It is up to the proponents of a tax to present a detailed description of the tax and how it will achieve its goal. I hope that is the post W is preparing. It is up those who favor a free market approach to demonstrate how that would work.

  32. #32 Steve Bloom
    2010/12/19

    The Chicago School, eh, PK? They’re a little discredited these days, FYI. Something about a massive market failure. Try the neo-Keynesians.

    “The better, bottom up approach can.” Really? In that case it should already be happening at the needed scale. You need to explain why it isn’t and what will need to change for it to make enough of a difference.

  33. #33 Paul Kelly
    2010/12/19

    A market consists of a product, buyers, sellers and a medium of exchange. In this market the product is a piece of energy transformation. The buyers are those who desire to replace fossil fuels. The sellers are non profits with buildings. The medium of exchange is membership in the energy club.

    I reject the notion that the bottom up approach is not already happening. It is happening and, as the futility of seeking a top down approach grows more apparent, so too will the bottom up approach grow.

  34. #34 quokka
    2010/12/19

    Paul Kelly,

    Whatever this “bottom up” approach is and whatever may be happening at the “bottom”, what most definitely is NOT happening is the build out of infrastructure that can achieve the scale of emissions reductions necessary to avert dangerous climate change. This is indisputable fact.

    The nation building the largest amount of low emission generation capacity is China and a principal driver for that is central planning.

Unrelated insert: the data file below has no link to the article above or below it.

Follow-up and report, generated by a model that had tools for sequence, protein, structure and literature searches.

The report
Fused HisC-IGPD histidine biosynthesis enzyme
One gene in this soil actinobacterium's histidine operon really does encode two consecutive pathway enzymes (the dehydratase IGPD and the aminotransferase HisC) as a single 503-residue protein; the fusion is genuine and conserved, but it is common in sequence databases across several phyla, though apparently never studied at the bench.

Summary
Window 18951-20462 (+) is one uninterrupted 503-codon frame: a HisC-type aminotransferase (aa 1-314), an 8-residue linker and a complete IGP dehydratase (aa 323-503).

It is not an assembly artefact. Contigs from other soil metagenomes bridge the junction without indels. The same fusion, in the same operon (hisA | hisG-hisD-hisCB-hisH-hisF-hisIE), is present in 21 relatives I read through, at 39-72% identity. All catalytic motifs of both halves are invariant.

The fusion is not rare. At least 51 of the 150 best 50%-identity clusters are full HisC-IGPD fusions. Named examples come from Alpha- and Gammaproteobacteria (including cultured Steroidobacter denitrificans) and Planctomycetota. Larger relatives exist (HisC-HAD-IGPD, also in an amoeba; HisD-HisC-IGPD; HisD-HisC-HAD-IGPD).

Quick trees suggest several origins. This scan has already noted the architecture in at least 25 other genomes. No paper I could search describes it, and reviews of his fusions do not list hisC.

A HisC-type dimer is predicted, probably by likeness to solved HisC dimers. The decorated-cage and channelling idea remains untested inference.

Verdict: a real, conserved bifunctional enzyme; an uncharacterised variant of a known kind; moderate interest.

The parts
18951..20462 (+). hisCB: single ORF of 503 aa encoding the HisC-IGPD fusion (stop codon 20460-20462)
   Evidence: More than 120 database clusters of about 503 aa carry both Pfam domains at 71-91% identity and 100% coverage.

Not only is an effective price on carbon needed, but so are other state interventions including most importantly national energy policies and such things as loan guarantees for nuclear power.

  35. #35 Paul Kelly
    2010/12/19

    quokka.

    Proponents of a carbon tax must be specific about how much the tax is, how it is imposed and collected, and who ultimately pays it. Until then, it’s just smoke.

    [I certainly agree that the details need to be worked out. How much is easy, though: initially a small amount - perhaps $10 / tonne, but with the clear intent to increase over time. That helps shape peoples investment decisions. The best way to pay it would be at point of digging up of coal (contrary to what I said before, doing anything with coal other than burning it is fairly uncommon so such would need a waiver) or coal (ditto? Needs a bit of thought - most waste lubricant, say, ends up burnt too. Oil used for plastics? Might be able to say that ends up burnt too. Gas: yes). Eventually I think you could push it high enough to start displacing other taxes, like income tax -W]

  36. #36 Tim Worstall
    2010/12/19

    William, interesting, you advocate the Nordhaus approach rather than the Stern.

    Exactly as I do in my book. And for very much the same reasons.

    [I don't really trust Stern or his numbers (and I suspect you don't either). Looking back here I am quoting N against S and ref'ing you too. Or even this :-) -W]

    As to revenue neutral taxation, we’ve already done this with the Landfill Tax. The amount that business was calculated as being liable to pay was then knocked off the employers national insurance (the employers part of SS for you Yanks).